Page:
However, her lack of femininity — “telling bawdy jokes and swearing, sometimes spitting, drinking,” according to Cayleff — and the perceived “working class, gritty, sweaty” nature of track and field competition put Zaharias at odds with her more traditional female competitors.
Cayleff describes Zaharias as being a “gender trickster” as she behaved “in ways that were absolutely contradictory to ideal femininity.”
“They took her uniqueness and what I refer to as her gender outlaw status,” Cayleff said. “They take her behaviors and, particularly before she’s married, absolutely craft her as a freak with newspaper headlines like: ‘Mr., Miss or It?’ or ‘Which bathroom should Babe Didrikson use?’
“They feared or presumed she was lesbian and then a particular term was coined in reference to her. She was called a ‘muscle moll’ or a member of a third sex. People were baffled and troubled by her gender presentation and particularly women golfers who tended to be of a more upper-class background and fancied themselves refined; they demonized her.”
To counter the negative coverage, Zaharias recruited the help of Bertha Bowen, a Dallas socialite, who taught her how to “apply makeup, how to wear a girdle and get her hair styled,” Cayleff explains.
“She was the subject of absolutely vicious press after the 1932 Olympics where people were openly speculating and disparaging her sexuality and the like. And she understood, with the guidance of Bertha, that if she wanted to earn a living and keep her name in the public that she needed to seriously craft an image because who she legitimately was, was not someone that the American public was easy to embrace.”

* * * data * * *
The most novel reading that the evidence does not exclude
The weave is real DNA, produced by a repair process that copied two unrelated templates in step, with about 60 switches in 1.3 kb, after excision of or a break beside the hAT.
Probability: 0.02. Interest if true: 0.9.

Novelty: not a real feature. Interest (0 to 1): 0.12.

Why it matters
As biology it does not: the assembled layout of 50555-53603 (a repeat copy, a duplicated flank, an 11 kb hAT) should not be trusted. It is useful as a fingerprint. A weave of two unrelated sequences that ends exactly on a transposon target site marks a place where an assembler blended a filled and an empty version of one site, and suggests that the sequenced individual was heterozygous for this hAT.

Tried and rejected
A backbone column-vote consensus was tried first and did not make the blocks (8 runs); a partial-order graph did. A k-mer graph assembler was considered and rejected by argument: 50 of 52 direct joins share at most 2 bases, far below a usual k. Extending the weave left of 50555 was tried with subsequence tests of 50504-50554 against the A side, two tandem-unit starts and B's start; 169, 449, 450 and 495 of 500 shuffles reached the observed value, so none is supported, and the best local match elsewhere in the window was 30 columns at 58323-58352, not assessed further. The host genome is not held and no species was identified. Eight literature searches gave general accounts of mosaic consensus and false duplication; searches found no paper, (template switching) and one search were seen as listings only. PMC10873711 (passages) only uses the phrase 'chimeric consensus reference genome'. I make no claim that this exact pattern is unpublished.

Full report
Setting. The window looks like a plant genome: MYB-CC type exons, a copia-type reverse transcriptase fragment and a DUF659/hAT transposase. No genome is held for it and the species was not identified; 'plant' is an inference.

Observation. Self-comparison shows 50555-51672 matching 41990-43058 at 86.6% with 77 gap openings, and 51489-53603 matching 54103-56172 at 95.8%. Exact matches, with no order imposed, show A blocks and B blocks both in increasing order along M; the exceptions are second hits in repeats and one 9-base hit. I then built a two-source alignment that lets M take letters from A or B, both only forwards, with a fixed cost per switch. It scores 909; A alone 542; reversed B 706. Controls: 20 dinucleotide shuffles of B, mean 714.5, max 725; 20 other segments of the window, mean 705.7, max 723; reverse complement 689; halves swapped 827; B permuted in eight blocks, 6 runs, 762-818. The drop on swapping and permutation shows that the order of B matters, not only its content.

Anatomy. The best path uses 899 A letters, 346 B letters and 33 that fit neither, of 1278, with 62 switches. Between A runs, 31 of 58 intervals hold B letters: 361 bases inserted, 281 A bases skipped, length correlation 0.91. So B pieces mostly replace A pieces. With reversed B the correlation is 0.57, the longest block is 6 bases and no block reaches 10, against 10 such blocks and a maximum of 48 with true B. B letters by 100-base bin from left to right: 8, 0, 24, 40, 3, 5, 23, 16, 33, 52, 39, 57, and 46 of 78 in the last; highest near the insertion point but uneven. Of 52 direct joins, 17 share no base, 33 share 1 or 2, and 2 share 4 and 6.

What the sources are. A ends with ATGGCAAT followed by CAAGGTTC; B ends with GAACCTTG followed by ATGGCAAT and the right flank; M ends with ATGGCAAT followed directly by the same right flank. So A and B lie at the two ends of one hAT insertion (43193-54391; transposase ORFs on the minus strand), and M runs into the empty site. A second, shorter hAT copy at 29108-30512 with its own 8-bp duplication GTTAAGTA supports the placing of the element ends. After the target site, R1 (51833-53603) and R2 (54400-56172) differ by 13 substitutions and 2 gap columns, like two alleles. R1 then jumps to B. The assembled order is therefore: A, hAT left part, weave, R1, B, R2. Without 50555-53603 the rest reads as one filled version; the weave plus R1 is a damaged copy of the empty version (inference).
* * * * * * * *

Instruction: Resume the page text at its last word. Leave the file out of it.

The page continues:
Although she did a lot for the sport for women, Cayleff contends that Zaharias was not a “self-conscious role model or promoter of opportunity for women in sports.”
Cayleff recalls an incident she found while doing research for her book when Zaharias threatened to withdraw from a tournament going into the final round, despite leading by several shots, because, in her eyes, the prize money was not enough.
“Babe was out for Babe. In an instance like that, she was an absolute impact on increasing the purse in women’s golf, but it was not for the betterment of the sport or the betterment of the female athletes in general. It was for Babe.
“It’s a sort of mixed legacy. Yes, she absolutely impacted opportunities for athletes that came after her and athletes during her own lifetime, but she was in no way what we would call a feminist or gender conscious or concerned about equity in general,” Cayleff said. “She was concerned about a good payday for her and let the chips fall where they may be on that.”
Zaharias chose to go public with her fight against cancer. This decision — plus her remarkable comeback and her extensive work with the American Cancer Society — helped change her perception in the eyes of both the public and the media, with Cayleff saying that it “heroized her in some ways to a new generation.”
“She was honored by President Eisenhower for her work with the American Cancer Society and did considerable fundraising for cancer research,” Cayleff said. “The cancer work and the ability to come back and compete successfully was pretty much unheard of at that point. She was told she would never be able to compete again. And like she had done so many times in her life, she just tripled her efforts and determined she would prove them wrong.”